Severe head injury (HI) and the apolipoprotein E (ApoE) epsilon4 allele are risk factors for dementia. The corresponding effect of falls causing HI without explicit traumatic brain injury (TBI) in association with the ApoE epsilon4 is not known.
Altogether 134 persons aged 70 years or older constituted a retrospective population sample, who scored > or =26 in the MiniMental State Examination (MMSE) test at baseline and were clinically examined for dementia 9 years afterward. Fall-related HI causing superficial laceration or bruises or wounds that require suturing were prospectively recorded during the 9-year follow-up. We used Cox regression with age at the diagnosis of dementia as a dependent variable.
Twenty-eight (21%) subjects had falls causing HI without explicit TBI, the ApoE epsilon4 allele was seen in 44 (33%), and clinical dementia was diagnosed in 25 (19%). Adjusted for the baseline MMSE score, sex and educational status, the hazard ratio for subsequent dementia in subjects having falls with HI without explicit TBI and the ApoE epsilon4 allele as compared with those who do not possess these characteristics was 2.70 (95% confidence interval, 1.02-7.16).
According to the results of this small retrospective study, falls with HI without explicit TBI in connection with the ApoE epsilon4 allele is associated with subsequent dementia among older adults.
"Selection bias may partly explain this. Dementia is overrepresented among non-participants of studies among the most elderly subjects . Moreover, dementia is a major reason for admission to long-term care, which restricted follow-up time for falls of some demented persons in the present study. "
[Show abstract][Hide abstract] ABSTRACT: The aim of this prospective study was to examine risk factors of falling in a very old home-dwelling population.
A prospective study of home-dwelling elderly people.
Baseline data were collected by home-nursing staff through postal questionnaires and clinical tests. Data on falls were recorded in telephone interviews every other month during a follow-up of 11 months constituting 494 person years (PY). Negative binomial modeling was used to assess fall risk.
A population sample of home-dwelling subjects aged 85 years or older (n = 555). Main outcome measures. Fall rate and risk factors of falls.
Altogether 512 falls occurred in 273 (49%) subjects, incidence rate 1.03/PY. According to a multivariate model, history of recurrent falling, trouble with vision when moving, use of antipsychotic drug, and feelings of anxiety, nervousness, or fear were independent risk factors for subsequent falls.
Appropriate care of poor vision and feelings of anxiety, nervousness, or fear, and avoidance of use of antipsychotic drugs might be useful in the prevention of falls among the most elderly home-dwellers.
Scandinavian journal of primary health care 03/2009; 27(1):25-30. DOI:10.1080/02813430802588683 · 1.30 Impact Factor
[Show abstract][Hide abstract] ABSTRACT: This paper aims to systematically review the influence of apolipoprotein E (ApoE) on the effects of potentially modifiable mid and late life risk factors for dementia. Scopus, Medline, PubMed, PsycINFO, and HuGE databases were searched up to November 2008. Two independent reviewers selected 94 articles from 13,122 results. Results suggest the deleterious effect of current smoking is limited only to persons without ApoE epsilon 4 (4 out of 4 studies), ApoE epsilon 4 increases the risk of dementia associated with greater fat consumption, particularly saturated fats (3 out of 4 studies), and increases the protective effect against dementia associated with HRT use (3 out of 5 with one of the non-significant studies suggesting a trend). There was evidence that ApoE does not modify the risk of dementia associated with measures of, and treatments for CVD, other dietary factors, and estradiol levels. There was inconsistent or contradictory evidence for other environmental factors reviewed. There is insufficient evidence for the recommendation of ApoE testing to assist with tailoring risk reduction recommendations for dementia.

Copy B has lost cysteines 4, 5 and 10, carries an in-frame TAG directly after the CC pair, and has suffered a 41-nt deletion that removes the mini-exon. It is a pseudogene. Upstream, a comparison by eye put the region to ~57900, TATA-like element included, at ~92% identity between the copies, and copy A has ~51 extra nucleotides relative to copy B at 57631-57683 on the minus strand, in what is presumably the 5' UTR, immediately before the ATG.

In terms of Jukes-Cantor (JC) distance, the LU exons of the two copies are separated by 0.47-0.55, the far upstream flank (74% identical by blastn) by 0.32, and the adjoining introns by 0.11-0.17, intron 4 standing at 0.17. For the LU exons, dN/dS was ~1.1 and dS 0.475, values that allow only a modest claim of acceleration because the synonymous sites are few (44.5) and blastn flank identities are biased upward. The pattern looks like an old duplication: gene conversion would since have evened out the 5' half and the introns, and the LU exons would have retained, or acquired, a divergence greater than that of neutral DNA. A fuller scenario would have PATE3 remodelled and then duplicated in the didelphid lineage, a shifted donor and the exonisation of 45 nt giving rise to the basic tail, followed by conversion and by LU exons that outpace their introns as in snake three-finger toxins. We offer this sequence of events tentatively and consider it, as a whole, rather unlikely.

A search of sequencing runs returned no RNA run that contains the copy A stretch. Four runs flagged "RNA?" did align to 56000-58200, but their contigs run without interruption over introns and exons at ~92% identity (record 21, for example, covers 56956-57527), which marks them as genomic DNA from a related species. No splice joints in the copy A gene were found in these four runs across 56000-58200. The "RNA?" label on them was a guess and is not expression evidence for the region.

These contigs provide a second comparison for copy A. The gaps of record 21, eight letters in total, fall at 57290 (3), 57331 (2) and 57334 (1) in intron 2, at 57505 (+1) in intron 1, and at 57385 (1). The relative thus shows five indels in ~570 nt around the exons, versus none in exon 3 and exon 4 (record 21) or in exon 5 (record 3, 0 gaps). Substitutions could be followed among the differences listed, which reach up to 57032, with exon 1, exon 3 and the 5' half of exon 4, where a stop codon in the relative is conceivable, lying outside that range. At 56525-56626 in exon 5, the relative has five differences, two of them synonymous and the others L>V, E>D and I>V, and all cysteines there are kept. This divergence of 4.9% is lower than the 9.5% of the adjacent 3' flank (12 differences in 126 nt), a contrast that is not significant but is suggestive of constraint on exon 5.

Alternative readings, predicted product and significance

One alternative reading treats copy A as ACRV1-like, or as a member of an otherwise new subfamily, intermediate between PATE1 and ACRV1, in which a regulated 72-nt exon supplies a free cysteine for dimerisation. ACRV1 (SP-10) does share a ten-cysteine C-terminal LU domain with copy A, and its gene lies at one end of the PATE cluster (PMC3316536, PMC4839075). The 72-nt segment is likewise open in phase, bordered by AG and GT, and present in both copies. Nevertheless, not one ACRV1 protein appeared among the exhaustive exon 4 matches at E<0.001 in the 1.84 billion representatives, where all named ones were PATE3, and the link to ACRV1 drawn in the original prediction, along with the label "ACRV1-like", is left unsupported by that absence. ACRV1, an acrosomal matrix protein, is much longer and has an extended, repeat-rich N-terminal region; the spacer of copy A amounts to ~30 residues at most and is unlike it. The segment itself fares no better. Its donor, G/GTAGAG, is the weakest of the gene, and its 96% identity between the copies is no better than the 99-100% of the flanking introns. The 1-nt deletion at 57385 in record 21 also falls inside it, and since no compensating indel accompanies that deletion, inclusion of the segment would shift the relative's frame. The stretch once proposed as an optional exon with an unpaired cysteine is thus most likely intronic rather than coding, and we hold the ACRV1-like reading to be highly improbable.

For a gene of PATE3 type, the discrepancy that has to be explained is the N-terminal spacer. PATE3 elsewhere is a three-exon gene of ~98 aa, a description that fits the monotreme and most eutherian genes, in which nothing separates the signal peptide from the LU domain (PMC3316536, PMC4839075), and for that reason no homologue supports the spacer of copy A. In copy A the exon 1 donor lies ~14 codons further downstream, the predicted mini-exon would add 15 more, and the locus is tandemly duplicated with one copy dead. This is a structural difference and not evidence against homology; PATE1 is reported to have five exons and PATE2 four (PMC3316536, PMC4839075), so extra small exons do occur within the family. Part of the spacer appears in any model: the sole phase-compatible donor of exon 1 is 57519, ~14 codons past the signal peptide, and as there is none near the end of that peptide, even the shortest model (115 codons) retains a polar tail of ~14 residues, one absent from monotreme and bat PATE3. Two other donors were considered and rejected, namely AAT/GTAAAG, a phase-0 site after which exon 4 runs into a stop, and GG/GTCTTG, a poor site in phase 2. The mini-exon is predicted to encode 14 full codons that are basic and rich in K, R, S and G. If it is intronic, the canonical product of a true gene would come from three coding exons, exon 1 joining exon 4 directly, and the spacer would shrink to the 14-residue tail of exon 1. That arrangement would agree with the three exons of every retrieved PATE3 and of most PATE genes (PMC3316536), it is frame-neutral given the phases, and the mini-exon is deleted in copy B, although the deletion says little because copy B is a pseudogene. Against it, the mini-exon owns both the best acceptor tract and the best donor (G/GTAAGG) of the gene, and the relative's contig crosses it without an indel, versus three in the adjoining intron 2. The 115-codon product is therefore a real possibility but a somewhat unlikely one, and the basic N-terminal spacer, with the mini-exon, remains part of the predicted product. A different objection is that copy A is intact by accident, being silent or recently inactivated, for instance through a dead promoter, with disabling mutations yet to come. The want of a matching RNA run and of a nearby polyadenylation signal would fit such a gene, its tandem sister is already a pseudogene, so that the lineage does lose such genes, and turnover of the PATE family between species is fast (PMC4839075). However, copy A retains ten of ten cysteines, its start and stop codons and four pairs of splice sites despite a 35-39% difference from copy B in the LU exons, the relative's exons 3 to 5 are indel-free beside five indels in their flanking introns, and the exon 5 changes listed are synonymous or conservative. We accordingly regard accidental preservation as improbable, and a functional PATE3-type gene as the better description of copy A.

[Show abstract][Hide abstract] ABSTRACT: Traumatic brain injury (TBI) constitutes a major cause of mortality and disability worldwide, especially among young individuals. It is estimated that despite all the recent advances in the management of TBI, approximately half of the patients suffering head injuries still have unfavorable outcomes, which represents a substantial health care, social, and economic burden to societies. Considerable variability exists in the clinical outcome after TBI, which is only partially explained by known factors. Accumulating evidence has implicated various genetic elements in the pathophysiology of brain trauma. The extent of brain injury after TBI seems to be modulated to some degree by genetic variants. The authors' current review focuses on the up-to-date state of knowledge regarding genetic association studies in patients sustaining TBI, with particular emphasis on the mechanisms underlying the implication of genes in the pathophysiology of TBI.
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